Federal regulators want to expand access to an unusual, Medicare-related program that can pay for enrollees’ long-term care costs — then prohibit insurance agents and other outside entities from marketing the organizations in the program.
Officials at the Centers for Medicare & Medicaid Services (CMS) put the proposed ban on agent involvement in a new set of draft regulations. The draft regulations would update the rules governing the Programs of All-Inclusive Care for the Elderly.
Medicare does not normally pay for long-term care services in a nursing home.
A PACE program is supposed to provide comprehensive care for people ages 55 and older who live at home but who already have disabilities or health problems severe enough that they need the equivalent of the kind of nursing home care a state’s Medicaid program would normally cover. A PACE program tries to use its own network of providers to try to provide all of the health care and support services needed to keep the patient at home. If the patient does end up needing hospital care, or nursing home care, the PACE program is supposed to provide the facility-based care.
PACE program organizers have to go through a CMS application process to start the programs. In November 2015, organizers were running 116 PACE programs in 32 states, and those programs were providing care for about 35,000 people, according to the Alexandria, Virginia-based National PACE Association.
Some PACE programs now use agents, brokers or outside marketing firms to market their services to the patients, and the patients’ families, officials write in a preamble to the proposed regulations.
“We believe it is in the best interest of the program to permit only [PACE organizations] to market their programs through their own employees,” officials say in the preamble.
A PACE program’s enrollees have to use the program’s care providers, and enrollment in any one PACE program is usually small, officials say.
Those factors may “make it difficult for agents and brokers that are not employed by [PACE organizations] to fully understand and explain the PACE program to potential participants,” officials say.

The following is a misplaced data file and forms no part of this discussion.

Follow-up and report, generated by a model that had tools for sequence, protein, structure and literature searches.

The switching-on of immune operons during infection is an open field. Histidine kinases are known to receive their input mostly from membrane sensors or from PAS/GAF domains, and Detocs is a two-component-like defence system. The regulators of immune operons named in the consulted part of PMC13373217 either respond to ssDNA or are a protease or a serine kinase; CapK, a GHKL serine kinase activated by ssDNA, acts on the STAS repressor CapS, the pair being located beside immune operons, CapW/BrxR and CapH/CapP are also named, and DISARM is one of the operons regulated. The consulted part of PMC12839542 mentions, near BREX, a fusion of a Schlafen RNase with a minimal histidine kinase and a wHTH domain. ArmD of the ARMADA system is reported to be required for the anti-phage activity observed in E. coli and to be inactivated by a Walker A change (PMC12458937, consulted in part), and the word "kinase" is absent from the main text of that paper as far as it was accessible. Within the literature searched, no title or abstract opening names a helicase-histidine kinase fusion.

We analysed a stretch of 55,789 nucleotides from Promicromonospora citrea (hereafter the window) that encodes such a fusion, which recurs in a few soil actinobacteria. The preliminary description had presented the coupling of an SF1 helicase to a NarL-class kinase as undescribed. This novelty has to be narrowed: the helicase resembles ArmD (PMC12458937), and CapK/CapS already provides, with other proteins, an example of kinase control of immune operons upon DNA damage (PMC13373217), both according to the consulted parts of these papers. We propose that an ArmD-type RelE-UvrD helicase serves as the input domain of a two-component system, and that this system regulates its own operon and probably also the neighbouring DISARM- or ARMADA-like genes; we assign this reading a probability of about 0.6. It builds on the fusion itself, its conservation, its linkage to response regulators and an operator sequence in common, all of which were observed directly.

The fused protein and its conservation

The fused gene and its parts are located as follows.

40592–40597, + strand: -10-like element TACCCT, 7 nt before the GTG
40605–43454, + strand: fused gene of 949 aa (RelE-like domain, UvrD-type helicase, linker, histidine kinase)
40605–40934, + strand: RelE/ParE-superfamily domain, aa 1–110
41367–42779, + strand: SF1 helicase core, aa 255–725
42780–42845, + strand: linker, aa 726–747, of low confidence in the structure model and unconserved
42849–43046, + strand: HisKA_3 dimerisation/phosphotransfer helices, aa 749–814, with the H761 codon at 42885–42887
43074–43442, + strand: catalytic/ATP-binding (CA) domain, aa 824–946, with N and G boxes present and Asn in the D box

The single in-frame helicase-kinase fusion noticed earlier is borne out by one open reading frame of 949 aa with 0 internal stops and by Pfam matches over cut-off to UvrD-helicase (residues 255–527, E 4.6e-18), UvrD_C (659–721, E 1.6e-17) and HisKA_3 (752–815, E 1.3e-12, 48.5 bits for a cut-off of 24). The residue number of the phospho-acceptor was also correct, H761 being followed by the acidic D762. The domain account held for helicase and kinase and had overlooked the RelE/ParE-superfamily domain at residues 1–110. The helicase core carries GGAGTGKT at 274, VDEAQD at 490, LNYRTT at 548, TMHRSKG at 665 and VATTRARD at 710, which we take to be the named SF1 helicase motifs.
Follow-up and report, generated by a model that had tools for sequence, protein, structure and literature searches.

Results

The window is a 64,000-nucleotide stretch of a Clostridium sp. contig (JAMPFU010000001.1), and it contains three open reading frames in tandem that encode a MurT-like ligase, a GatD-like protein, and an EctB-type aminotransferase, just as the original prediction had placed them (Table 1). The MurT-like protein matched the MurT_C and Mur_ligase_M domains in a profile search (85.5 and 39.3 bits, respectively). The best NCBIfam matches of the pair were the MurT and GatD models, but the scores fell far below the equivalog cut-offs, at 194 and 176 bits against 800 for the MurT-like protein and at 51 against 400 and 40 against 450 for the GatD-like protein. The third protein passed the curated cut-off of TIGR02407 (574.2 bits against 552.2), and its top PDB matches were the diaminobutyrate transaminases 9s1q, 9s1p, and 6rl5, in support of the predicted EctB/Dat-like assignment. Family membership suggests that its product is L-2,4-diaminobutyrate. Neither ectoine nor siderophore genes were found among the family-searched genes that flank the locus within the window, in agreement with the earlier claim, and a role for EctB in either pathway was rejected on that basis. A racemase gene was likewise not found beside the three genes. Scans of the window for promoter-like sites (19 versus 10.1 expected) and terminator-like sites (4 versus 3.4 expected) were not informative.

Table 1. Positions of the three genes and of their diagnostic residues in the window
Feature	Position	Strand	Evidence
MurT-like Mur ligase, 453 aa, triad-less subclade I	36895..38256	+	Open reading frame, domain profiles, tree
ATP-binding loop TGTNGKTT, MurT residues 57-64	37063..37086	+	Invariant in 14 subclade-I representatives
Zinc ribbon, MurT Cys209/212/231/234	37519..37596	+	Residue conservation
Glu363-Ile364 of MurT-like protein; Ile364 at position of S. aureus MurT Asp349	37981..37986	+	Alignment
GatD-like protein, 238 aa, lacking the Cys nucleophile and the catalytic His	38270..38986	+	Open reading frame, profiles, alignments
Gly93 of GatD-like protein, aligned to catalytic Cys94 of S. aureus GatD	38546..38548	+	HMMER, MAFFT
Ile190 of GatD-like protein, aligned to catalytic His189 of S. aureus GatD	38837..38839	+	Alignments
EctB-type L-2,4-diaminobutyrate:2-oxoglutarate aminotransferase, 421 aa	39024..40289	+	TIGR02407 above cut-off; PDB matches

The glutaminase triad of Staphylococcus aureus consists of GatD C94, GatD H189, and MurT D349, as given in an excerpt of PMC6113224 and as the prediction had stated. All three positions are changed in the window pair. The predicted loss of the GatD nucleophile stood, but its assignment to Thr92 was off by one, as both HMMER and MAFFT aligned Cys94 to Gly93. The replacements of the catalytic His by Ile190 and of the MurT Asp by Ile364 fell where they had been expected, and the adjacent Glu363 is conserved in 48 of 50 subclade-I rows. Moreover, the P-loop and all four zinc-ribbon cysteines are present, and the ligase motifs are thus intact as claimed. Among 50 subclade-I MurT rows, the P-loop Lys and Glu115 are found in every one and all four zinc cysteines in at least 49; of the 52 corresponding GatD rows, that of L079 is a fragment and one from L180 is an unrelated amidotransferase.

CMS does not want to see a marketer’s efforts to maximize enrollment numbers be a patient’s primary reason for signing up for a PACE program, officials say.
“This is especially important given the vulnerable nature of the PACE population, which is elderly and frail and often has more complex health care needs than Medicare or Medicaid managed care populations,” officials say.
“We are seeking comment as to whether CMS’s proposed prohibition on the use of independent agents and brokers is appropriate,” officials say. “If commenters believe that this prohibition is not appropriate, we ask for specific reasons for allowing their use, descriptions of how [PACE organizations] contemplate using agents and brokers, and the protections [PACE organizations] have in place to ensure accurate information is provided to potential PACE participants.”
The regulations are set to appear in the Federal Register Aug. 16. Comments will be due 60 days after the official publication date.
CMS lists Martha Hennsessy as its main contact for the proposal.
Andy Slavitt, the acting director of CMS, wrote about the proposed PACE regulations in a blog entry Thursday. Slavitt said the main goal of the draft regulations is to strengthen program enrollee protections and give PACE organizations more administrative and operational flexibility.
“While PACE serves a relatively small number of people today, our proposal is intended to encourage states to further expand these programs,” Slavitt wrote in the blog entry.
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